Tim Thackrey is willing to sweat – a lot – to be safe at the Olympics in Rio de Janeiro.
The Fresno strength and conditioning coach intends to wear long pants, long-sleeved shirts and be covered in mosquito repellent for the six days he will be at the Games in August.
Thackrey, 36, doesn’t want to take any chances of contracting Zika from a mosquito bite and infecting his wife, Carly Thackrey, who is pregnant and due to give birth to their first child in September.
Zika is spread by mosquitoes and also is spread sexually. The infection can cause devastating birth defects that include microcephaly, in which babies are born with abnormally small heads and brain damage. It also has been linked to neurological problems in adults.
Tim Thackrey said he is nervous about traveling to Brazil and will take every precaution while there and when he returns to stay safe and keep his wife and unborn daughter unharmed.
He is going to the Olympics only because he has three taekwondo athletes competing. “It’s something we’ve worked a long, long time to do.”
Whether traveling to Brazil or not, pregnant women and their sexual partners in the central San Joaquin Valley have reason to be edgy about Zika this summer.
Health officials warn that Brazil is not the only hotbed for the virus: 60 countries and territories report continuing mosquito-borne transmissions. And there are outbreaks in 46 countries, many in Latin America and the Caribbean, which are popular travel destinations for people from the Valley.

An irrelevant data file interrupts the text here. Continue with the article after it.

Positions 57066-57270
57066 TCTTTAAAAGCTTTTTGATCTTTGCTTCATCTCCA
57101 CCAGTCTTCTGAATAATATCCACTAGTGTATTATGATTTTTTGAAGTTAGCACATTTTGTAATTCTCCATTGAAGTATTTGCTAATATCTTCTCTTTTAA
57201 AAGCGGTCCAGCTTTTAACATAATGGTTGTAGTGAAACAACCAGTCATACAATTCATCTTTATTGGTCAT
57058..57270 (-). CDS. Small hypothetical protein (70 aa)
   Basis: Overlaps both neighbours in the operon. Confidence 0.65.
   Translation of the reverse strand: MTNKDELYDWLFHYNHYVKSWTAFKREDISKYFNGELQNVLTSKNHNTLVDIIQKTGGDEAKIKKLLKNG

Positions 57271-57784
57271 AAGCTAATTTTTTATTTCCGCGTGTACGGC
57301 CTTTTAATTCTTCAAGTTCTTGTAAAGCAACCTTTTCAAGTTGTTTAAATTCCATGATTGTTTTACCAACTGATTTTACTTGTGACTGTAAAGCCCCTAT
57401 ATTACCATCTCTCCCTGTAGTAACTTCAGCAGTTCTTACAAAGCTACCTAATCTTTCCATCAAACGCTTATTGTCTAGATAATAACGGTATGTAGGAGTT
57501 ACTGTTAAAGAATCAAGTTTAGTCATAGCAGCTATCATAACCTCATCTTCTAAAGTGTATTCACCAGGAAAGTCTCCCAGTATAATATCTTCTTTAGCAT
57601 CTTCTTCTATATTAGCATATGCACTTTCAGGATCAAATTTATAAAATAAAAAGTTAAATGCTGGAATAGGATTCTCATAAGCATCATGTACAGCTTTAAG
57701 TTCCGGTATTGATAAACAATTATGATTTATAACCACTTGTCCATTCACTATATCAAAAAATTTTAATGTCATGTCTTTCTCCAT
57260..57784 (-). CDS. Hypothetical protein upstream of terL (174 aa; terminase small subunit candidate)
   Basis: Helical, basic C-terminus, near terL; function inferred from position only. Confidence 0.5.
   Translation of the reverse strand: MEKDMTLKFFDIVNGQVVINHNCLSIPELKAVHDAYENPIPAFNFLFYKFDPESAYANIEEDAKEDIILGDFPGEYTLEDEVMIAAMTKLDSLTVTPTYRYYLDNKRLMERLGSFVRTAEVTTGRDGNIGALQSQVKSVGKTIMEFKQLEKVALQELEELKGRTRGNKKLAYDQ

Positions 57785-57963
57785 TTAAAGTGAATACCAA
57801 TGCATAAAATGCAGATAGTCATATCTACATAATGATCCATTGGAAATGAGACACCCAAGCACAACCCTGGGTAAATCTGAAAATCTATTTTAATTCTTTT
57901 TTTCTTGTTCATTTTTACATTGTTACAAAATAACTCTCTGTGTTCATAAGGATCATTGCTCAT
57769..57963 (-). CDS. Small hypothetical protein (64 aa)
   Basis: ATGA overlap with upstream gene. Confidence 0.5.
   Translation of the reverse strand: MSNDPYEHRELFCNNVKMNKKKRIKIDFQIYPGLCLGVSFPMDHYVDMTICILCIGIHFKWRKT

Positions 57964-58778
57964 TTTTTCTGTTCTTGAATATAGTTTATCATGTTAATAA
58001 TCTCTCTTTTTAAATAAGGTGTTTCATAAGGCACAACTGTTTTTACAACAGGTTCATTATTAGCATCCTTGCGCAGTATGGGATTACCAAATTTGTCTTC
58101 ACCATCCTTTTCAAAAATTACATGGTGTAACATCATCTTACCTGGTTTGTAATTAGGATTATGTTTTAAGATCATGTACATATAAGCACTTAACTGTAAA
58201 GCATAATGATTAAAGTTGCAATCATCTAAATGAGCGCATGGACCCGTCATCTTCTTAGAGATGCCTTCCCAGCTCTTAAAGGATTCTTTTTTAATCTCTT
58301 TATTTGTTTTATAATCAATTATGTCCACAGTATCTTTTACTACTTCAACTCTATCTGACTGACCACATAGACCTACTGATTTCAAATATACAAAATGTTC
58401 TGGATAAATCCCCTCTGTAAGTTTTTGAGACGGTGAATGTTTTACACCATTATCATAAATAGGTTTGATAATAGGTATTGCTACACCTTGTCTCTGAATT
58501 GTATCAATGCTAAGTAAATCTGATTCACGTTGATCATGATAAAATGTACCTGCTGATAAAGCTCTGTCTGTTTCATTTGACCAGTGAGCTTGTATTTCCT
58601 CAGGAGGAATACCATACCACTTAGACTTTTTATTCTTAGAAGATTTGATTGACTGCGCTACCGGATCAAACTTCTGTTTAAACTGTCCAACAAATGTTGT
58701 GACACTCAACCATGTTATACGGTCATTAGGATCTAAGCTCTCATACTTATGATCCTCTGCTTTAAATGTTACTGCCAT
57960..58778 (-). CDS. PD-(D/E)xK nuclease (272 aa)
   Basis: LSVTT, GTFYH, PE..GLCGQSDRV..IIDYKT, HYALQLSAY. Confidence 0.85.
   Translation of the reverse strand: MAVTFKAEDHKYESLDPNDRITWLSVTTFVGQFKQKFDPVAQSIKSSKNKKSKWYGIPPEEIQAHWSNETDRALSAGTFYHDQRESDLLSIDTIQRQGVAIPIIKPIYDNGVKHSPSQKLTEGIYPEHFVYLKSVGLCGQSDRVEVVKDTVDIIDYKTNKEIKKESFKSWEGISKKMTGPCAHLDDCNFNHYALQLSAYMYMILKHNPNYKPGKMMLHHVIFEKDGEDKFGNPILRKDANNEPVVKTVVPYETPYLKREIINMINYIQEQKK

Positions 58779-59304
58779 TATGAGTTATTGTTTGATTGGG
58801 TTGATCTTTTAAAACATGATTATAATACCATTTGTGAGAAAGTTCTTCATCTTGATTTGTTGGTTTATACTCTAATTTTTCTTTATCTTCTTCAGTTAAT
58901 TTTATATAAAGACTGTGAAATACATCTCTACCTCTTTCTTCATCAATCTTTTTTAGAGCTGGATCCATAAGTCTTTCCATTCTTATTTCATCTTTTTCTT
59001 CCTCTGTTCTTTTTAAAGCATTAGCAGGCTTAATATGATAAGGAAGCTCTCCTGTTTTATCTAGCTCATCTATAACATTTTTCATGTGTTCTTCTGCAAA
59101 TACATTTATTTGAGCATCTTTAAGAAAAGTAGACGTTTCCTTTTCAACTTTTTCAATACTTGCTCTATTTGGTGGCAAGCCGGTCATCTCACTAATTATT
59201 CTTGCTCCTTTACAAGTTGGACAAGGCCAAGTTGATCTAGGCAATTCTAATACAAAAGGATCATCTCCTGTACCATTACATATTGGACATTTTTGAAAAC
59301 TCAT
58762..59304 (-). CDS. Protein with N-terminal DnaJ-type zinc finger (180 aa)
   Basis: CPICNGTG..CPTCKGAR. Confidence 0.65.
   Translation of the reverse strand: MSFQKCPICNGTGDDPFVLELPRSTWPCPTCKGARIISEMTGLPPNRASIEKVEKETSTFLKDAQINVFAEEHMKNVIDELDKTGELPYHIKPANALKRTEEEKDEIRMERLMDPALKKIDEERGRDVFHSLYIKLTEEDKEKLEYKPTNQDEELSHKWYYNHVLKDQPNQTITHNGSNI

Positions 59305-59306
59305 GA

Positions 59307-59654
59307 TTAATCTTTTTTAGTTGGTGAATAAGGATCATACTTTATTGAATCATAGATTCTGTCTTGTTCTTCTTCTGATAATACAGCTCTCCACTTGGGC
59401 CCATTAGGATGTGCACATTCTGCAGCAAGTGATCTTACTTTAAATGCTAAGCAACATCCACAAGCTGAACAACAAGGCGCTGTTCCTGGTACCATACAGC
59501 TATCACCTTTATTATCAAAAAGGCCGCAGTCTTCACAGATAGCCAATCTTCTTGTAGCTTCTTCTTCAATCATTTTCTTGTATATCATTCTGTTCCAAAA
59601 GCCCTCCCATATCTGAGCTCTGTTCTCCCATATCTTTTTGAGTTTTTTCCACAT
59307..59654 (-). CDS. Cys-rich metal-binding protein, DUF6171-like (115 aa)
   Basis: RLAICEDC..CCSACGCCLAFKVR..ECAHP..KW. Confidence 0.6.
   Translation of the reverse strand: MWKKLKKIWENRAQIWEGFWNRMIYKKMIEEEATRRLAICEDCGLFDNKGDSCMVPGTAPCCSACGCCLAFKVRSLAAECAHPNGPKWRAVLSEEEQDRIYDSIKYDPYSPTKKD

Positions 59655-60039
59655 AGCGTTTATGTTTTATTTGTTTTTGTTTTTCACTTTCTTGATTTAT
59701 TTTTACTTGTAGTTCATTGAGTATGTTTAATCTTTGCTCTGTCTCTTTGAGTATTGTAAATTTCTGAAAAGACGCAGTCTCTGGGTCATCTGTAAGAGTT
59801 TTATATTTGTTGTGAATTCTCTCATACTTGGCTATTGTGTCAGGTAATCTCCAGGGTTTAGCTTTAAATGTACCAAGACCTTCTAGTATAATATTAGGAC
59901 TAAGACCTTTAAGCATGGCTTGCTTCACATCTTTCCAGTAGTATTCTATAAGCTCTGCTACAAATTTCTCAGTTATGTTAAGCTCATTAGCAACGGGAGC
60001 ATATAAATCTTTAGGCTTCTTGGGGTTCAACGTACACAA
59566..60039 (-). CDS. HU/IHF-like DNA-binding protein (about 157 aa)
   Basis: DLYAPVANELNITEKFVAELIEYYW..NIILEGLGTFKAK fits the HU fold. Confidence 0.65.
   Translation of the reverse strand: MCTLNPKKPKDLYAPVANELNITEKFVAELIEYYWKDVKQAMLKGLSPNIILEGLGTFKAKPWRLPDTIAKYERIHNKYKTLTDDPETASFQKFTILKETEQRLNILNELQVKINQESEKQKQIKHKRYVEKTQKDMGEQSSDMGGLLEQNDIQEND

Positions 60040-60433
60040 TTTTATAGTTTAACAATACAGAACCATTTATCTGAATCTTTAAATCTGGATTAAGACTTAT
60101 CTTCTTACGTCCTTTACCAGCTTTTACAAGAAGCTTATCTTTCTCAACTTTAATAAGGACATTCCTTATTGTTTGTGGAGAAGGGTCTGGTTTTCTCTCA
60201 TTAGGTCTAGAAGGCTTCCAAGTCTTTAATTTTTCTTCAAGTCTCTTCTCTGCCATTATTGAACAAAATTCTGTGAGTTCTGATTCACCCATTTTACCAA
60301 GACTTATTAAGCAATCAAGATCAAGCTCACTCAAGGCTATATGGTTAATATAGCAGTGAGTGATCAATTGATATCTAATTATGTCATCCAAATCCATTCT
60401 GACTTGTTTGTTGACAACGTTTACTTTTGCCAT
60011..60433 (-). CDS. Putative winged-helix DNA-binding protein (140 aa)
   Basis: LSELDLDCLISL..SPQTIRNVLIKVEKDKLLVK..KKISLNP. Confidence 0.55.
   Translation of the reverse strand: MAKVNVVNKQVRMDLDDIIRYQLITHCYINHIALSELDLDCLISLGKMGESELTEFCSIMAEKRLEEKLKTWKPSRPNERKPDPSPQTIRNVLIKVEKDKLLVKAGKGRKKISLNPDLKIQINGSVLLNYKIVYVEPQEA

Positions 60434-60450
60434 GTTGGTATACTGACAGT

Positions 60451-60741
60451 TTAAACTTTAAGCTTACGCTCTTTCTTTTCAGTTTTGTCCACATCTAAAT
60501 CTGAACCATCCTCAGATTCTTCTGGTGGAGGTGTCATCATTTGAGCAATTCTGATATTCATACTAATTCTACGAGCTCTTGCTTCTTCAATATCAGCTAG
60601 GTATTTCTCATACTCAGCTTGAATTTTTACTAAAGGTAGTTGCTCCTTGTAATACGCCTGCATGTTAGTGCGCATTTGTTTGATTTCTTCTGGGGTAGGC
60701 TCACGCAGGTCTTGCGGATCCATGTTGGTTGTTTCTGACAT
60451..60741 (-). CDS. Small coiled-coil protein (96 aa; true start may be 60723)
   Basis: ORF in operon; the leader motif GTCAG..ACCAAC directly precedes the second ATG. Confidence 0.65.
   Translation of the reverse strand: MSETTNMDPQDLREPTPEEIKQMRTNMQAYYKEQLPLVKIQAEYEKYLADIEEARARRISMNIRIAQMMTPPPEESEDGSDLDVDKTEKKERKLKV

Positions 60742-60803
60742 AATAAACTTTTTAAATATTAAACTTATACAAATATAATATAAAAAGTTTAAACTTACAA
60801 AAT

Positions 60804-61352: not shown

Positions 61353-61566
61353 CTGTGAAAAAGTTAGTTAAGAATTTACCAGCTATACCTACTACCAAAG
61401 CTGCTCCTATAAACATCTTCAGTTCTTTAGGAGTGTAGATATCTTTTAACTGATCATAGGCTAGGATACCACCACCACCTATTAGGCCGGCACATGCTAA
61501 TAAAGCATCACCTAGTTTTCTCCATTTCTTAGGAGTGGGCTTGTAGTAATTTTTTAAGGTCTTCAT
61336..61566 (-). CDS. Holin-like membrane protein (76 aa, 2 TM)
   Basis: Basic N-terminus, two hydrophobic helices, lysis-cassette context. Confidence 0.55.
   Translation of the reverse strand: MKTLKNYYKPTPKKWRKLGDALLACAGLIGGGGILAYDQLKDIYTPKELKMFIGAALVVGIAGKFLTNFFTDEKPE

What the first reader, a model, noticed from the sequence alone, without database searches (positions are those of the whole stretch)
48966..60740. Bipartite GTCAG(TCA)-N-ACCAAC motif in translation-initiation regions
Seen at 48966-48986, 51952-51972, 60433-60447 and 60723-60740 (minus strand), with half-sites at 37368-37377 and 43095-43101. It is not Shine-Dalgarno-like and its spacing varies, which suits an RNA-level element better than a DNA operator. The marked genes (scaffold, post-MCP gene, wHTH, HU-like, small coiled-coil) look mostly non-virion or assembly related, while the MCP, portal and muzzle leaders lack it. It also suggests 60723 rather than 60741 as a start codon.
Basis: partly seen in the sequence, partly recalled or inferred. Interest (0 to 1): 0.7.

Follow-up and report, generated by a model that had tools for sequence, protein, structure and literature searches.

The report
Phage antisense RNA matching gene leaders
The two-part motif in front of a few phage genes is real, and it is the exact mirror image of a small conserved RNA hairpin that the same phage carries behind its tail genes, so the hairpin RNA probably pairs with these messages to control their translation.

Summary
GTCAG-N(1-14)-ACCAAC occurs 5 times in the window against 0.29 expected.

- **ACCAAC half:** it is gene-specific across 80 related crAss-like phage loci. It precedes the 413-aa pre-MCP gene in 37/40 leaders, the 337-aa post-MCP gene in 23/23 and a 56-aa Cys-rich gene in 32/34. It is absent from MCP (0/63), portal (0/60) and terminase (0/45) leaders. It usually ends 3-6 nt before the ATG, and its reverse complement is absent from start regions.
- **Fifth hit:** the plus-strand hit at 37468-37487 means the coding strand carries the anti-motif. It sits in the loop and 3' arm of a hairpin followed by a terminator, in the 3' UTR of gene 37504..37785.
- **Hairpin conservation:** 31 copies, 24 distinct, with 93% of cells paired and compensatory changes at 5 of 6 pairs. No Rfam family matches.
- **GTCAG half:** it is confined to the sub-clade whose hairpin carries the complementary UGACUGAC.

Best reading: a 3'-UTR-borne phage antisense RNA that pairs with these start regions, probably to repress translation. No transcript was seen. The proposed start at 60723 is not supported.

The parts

If your travel is not really urgent, it’s better to postpone travel.
Dr. Al Saghbini, Fresno County Department of Public Health
The concern doesn’t end with out-of-country travel, either. Aedes aegypti, one of the two mosquito species that spread the virus, has become established in the United States, including in Fresno and Clovis. So far, no one has acquired the virus from a local mosquito bite, but health officials are wary, saying all it will take is for a person who is infected in a foreign country to come home and be bitten by a mosquito that spreads the virus.
Since the Zika virus outbreak in Latin America began in 2015, there have been 57 travel-associated cases of Zika reported in California as of Friday. Fresno County has had no reported cases, but has tested 19 people for Zika. Eleven were pregnant women. None tested positive for the virus.
The rapid spread of Zika makes it extremely important for individuals to protect themselves from mosquito bites when traveling to regions where the virus is active, said Dr. Al Saghbini, infectious disease specialist and communicable disease controller at the Fresno County Department of Public Health. Repellents are safe for pregnant women and for women who are breast-feeding, he said.
The safest plan, though: “If your travel is not really urgent, it’s better to postpone travel.”
Be safe at home
And travelers should be conscientious upon their return home.
Any traveler to a Zika area should use mosquito repellent for three weeks once home to prevent local transmission, Saghbini said.
The federal Food and Drug Administration also recommends that people who have been infected or have had potential exposure to infection not donate blood, tissue or organs for a prescribed amount of time.